The glasses of the future Part 2
The first connected glasses designed for the public were hardly a roaring success, but for the last few years, the big names in the digital world have been busy preparing their comeback. In this, the second part of our report on the smart glasses of the future, we have tried to imagine what the next steps in technology could look like, with new interactive and proactive features, and how they will be able to do all this in real time.
Artificially intelligent glasses: designed to simplify our daily lives
Just like the virtual assistants that already take care of our daily lives – Siri and Ok Google – the glasses of the future will answer our questions and give us instructions, but unlike what we already know, they will anticipate our needs and to them using artificial intelligence (AI). Processing enough information to resemble a form of ‘real’, human intelligence, artificial intelligence will work using three processes that are already present in our smartphones.
The first is the CPU (the Central Processing Unit), the powerful calculator in every computer that will process the sums needed for AI. The second is the Cloud, already used by our virtual assistants, harnessing the power of remote servers to make the necessary calculations. Finally there’s the NPU (Neural Processing Unit), the beating heart of more modern devices, whether that’s Apple’s Bionic A13, Samsung’s Exynos 9820, Hauwei’s Kirin 810 or Intel’s NNP. Around 25 times more powerful than a processor without an NPU, this core is entirely dedicated to artificial intelligence, capable of recognising things and making decisions. It’s thanks to the NPU, for example, that some modern cameras are able to suggest specific settings based on its surroundings and the Google Lens can recognise the exact breed of dog in a photo.
Technology manufacturers might use the term ‘intelligence’ a bit haphazardly, but in reality there are two distinct types of artificial intelligence. The first is termed ‘weak’ and reproduces a specific behaviour without really understanding how or why. In other words, it seeks to imitate as closely as possible a behaviour that was designed in advance, but it is not capable of improvising. These systems are specialised in one given area and are limited to specific tasks and types of activity and they’ve already been around for a while in search engines, navigation systems, personalised recommendations on websites and apps, video games, translation services and the virtual assistants in our smartphones and other connected devices.
So the main difference that will mark out the glasses of the future is a much more sophisticated form of artificial intelligence. Not only will this form be able to reproduce specific behaviours, but it will be able to make predictions, judgements and anticipate the future. Fed with more and more data, associated with ever more effective AI-dedicated technologies and powered by more and more powerful algorithms, the virtual assistants that will live inside the glasses of the future will know the habits of their wearer by heart, and will be able to identify and anticipate their needs, quickly making themselves indispensable.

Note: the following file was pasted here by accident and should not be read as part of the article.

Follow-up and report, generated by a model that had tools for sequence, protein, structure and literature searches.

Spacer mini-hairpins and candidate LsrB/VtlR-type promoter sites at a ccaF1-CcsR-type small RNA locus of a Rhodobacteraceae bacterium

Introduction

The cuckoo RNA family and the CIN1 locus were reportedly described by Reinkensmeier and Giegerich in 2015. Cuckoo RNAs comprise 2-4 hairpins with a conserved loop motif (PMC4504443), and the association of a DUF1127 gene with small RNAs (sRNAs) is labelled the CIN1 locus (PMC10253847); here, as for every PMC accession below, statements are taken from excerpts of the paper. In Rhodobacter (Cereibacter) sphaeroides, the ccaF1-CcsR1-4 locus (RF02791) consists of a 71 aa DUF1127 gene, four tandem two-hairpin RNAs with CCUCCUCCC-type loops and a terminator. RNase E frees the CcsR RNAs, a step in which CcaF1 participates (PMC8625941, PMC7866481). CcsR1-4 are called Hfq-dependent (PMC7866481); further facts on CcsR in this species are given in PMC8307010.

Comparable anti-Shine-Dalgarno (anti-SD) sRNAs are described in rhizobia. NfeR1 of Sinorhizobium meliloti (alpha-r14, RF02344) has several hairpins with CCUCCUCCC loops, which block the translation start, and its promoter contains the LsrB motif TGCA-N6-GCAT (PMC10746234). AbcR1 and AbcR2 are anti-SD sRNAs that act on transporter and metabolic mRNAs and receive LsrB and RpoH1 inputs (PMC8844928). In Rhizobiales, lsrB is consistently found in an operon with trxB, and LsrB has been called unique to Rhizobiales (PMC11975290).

Glasses at the heart of the Internet of Things
To be intelligent, the glasses of the future will need to be part of an interconnected ecosystem*. It’s what is called the Internet of Things (IoT). Put simply, this is a worldwide infrastructure where billions of everyday objects are connected and so able to talk to each other. While experts in the Internet of Things estimate that by 2025 75 billion objects will have joined the network, they also estimate that just 1% of this technology’s potential is currently being used.
This network of interconnected objects will be made possible in large part with the new availability of 5G as well as improvements to signals like Bluetooth and Wifi and the ever expanding low-power wide-area networks. Integrated in an exponentially growing number of daily objects, these types of network can already be found in Linky electrical meters and street cars.
The Internet of Things is an essential cog in the digital ecosystem of the future. It is this that will allow a vast quantity of data to be collected and shared in real time. Whether connected to cloud computing or not, the data collected will constantly be fed into servers, supercalculators and dedicated processors that analyse and and enrich them. The glasses of the future will be able to access all the information sent by other objects in the network, and so will find themselves at the heart of our digital arsenal and totally interdependent with the Internet of Things.